New Beginnings, Winter Weather & Finding my Feet ...
17.11.2012 - 21.11.2012 5 °C
So I have finally arrived in British Columbia and the city of Vancouver.
British Columbia is also referred to as BC by the locals and the French Canadians refer to it: la Colombie-Britannique, C.-B.
It is the westernmost province of Canada.
BC is bordered by the Pacific Ocean on the west, by the U.S. state of Alaska on the northwest as well as parts of the west, on the north by the Yukon and the Northwest Territories, on the east by the province of Alberta, and on the south by the U.S. states of Washington, Idaho, and Montana.
Vancouver is seen as a coastal sea-port town and the largest city in BC bordering the Pacific Ocean.
The air smells so fresh and everything looks so clean and new.
The winter chill was definitely in the air and the temps a little bit of a shock to the system.
I was surprised by how many Asians there are residing in Canada. Particularly the Japanese who must make up 1 in 4 and it feels very much like Australia in this regard. The Asian influence is everywhere with so many Asian restaurants and food shops. Something I am looking forward too. I don’t think I have seen a person of colour in days though, which feels bizarre, other than Indians.
The transport system is pretty simple and down town is all rather walkable and easy to get too using the Sky Train. I am temporarily staying at a hostel near Gas Town and the lower downtown area. Hoping to find room at one on the West Side of Downtown which is a more viby area. Not great but bearable until I sort myself out. I later found out that this was a slightly seedier part of town.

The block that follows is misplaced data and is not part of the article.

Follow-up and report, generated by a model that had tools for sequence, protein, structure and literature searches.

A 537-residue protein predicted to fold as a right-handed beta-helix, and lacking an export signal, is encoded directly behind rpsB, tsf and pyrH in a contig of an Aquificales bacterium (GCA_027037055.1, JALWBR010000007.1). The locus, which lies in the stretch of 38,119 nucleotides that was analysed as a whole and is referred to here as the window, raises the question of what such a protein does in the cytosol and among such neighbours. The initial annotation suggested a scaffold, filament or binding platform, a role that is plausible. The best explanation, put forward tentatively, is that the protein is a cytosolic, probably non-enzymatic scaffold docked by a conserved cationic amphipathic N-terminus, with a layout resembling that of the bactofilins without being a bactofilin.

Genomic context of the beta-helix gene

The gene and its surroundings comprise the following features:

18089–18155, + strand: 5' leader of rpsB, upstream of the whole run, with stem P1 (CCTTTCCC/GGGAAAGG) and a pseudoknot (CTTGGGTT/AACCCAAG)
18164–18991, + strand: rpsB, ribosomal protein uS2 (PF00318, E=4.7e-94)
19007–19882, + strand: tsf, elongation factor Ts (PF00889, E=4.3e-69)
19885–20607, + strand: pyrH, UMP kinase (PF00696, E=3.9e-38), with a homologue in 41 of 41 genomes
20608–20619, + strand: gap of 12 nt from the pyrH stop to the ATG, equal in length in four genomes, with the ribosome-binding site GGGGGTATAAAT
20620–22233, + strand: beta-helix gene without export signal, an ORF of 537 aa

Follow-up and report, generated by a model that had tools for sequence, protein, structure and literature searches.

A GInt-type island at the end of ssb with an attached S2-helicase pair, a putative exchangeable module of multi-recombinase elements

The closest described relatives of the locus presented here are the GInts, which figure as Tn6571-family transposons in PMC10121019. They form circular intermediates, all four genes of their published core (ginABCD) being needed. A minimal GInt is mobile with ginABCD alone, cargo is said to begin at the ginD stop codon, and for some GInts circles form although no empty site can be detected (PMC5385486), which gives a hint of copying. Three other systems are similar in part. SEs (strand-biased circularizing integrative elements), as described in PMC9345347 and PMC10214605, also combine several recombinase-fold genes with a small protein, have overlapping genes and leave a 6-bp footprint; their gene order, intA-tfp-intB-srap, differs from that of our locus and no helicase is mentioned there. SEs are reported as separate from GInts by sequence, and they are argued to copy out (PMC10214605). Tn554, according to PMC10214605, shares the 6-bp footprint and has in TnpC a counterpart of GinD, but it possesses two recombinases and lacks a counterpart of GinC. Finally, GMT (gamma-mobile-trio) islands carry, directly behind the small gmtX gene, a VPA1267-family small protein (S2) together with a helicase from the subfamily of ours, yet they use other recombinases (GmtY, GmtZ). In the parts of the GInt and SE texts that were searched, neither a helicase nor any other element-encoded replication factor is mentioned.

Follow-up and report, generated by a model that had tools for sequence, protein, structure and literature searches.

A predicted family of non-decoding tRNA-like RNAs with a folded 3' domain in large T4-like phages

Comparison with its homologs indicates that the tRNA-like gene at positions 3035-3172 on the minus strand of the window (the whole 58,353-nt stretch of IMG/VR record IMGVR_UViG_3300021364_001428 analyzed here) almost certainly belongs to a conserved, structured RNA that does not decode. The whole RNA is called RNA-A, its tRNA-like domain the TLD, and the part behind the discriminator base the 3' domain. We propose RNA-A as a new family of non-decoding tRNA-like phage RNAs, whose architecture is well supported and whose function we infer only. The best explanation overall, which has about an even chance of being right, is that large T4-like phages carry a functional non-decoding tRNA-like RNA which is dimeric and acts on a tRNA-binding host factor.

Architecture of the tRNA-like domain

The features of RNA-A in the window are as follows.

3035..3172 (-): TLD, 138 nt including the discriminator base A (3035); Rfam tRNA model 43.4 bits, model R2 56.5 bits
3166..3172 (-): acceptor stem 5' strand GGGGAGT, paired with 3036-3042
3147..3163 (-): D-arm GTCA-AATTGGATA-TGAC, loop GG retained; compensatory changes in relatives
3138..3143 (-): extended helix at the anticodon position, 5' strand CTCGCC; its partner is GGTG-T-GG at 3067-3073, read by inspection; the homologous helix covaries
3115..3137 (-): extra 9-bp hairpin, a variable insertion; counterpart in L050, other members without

The streets are all littered with leaves of all colours and maple leaves and this eventually forms mulch that you land up walking on, so the constant squelching beneath your feet is something to get used to. Everything is very damp and wet. The weather is definitely going to take some getting used to. It is very frigid and when the wind blows off the ocean you really feel it. There are so many water inlets and bays, so you constantly feel the chill. The weather has been overcast, rainy and drizzly and I am told that it’s going to be like that for a while.
It is such a pain trying to dress appropriately without walking out their looking like a snowman. I already have to wear thermals, double socks, vest, long top, jacket, beanie and scarf and there isn’t even snow yet. You constantly have to take clothes on and off as you enter a mall or a restaurant as all these places have heating on.
Eventually I will get used to this.
The city is made up of so many high rise condominium apartment buildings which are all glass and similar in design. These buildings seem to engulf the small island land mass they sit on. The city is well organised into a grid type system. There are parts that are problematic and are known for having heavy drug problems and users but other than that I have not felt unsafe at all.